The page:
Changes in water regulations under the Trump Administration

President Trump has made environmental deregulation a priority. (Alex Brandon/AP)

President Trump has made environmental deregulation a priority. (Alex Brandon/AP)

Since taking office, President Donald Trump has made environmental deregulation a priority. He recently boasted about his actions at an event in Philadelphia, saying, “We took regulations off that allows us to do things we would never have been able to do.” Below is a list of the water regulations the Trump administration has overturned, suspended or replaced.

Waters of the U.S. Rule

A photo of a Delmarva bay in spring shows the wetland flooded. In summer and fall this same wetland is dry. This isolated wetland falls under the Waters of the U.S. Rule. (DNREC)

In 2015, the EPA under President Barack Obama issued the Clean Water Rule (also called the Waters of the United States rule or WOTUS), which expanded the definition of which waters fall under U.S. federal jurisdiction. It was meant to clarify which waters were protected by Clean Water Act and expanded that protection to small tributaries and wetlands, including so-called ephemeral and intermittent streams, which only appear during or after a rainfall.

The law became ensnared in litigation and as of late 2018 was being applied in only 22 states. In December 2018, the EPA under President Donald Trump proposed a new Clean Water Rule that removed protections for ephemeral and intermittent streams, as well as wetlands not adjacent to major navigable waters and groundwater.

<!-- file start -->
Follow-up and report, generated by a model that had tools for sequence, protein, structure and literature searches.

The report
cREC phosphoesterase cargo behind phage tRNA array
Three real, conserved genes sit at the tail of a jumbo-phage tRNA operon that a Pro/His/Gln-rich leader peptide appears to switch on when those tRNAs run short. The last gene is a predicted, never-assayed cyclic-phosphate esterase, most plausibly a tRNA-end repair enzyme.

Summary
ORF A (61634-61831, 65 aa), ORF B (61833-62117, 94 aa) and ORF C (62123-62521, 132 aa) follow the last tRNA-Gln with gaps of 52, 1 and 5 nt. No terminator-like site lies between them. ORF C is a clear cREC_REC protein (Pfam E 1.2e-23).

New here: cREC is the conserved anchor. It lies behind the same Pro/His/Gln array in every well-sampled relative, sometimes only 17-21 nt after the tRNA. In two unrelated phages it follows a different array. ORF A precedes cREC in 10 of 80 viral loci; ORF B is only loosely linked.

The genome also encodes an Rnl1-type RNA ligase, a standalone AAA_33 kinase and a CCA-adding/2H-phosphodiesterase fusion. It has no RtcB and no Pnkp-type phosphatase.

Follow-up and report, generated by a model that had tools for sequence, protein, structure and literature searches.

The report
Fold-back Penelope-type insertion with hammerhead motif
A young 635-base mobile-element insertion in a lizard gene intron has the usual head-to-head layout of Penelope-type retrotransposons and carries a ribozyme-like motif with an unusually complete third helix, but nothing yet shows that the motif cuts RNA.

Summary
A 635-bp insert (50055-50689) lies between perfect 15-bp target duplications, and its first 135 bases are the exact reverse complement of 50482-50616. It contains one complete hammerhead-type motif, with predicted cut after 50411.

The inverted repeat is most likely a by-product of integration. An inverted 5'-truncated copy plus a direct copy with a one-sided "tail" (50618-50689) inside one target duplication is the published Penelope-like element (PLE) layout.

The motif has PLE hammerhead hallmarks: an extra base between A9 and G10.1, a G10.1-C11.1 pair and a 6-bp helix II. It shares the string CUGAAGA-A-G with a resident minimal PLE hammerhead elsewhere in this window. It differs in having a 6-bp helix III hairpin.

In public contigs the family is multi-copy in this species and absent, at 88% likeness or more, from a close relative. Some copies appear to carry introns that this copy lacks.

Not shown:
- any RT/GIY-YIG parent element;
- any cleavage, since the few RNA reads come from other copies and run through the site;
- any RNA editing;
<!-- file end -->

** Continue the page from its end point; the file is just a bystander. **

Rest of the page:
Power Plant Effluent Limits

This photo taken May 5, 2014 shows the stacks of one of the nation’s dirtiest coal-fired power plants, the Homer City Generating Station in Homer City, Pa. (AP Photo/Keith Srakocic)

In 2016, under President Obama, the EPA updated its limits on the amount of toxic heavy metals that power plants could discharge into rivers. Coal plants especially have increased the levels of these toxins in their discharges because of air pollution controls and gasification. The EPA under President Trump has delayed implementation of the new limits at least until November 2020.

Coal Ash Rule

The Richmond city skyline can be seen on the horizon behind the coal ash ponds along the James River near Dominion Energy’s Chesterfield Power Station in Chester, Va., Tuesday, May 1, 2018. Virginia’s governor says the state has no plans to change its coal ash management practices, despite an Environmental Protection Agency proposal that would roll back federal regulations governing the byproduct generated by coal-burning power plants. (AP Photo/Steve Helber)

In 2014, the EPA under the Obama administration issued a rule that authorized EPA to regulate coal ash disposal. Coal ash is a byproduct of coal-fired power plants and contains toxic contaminants like mercury and arsenic. Plants often dispose of the ash in ponds or landfills.

The rules required groundwater testing near the ponds, as well as construction standards, record keeping and public disclosures.

In July 2018, the EPA under the Trump administration weakened some of the requirements for managing coal ash storage areas. The new rule allows some existing coal ash ponds to continue accepting more coal ash and stay open longer. It also turned some of the power over to states to decide if they no longer wanted to monitor levels of contaminants in groundwater.

Stream Protection Rule

Mountains near Kayford, W.Va., seen in this Jan. 2, 2000 file photo, show how mountaintop removal mining has flattened many mountain peaks. In 2017 the Trump administration removed a rule that prevented dumping mountain debris into streams. (AP Photo/Bob Bird, File)

In 2017, President Trump signed a law removing the Stream Protection Rule, which had been issued in 2016 under the Obama administration. It prevented mining companies from dumping mountain debris into streams.

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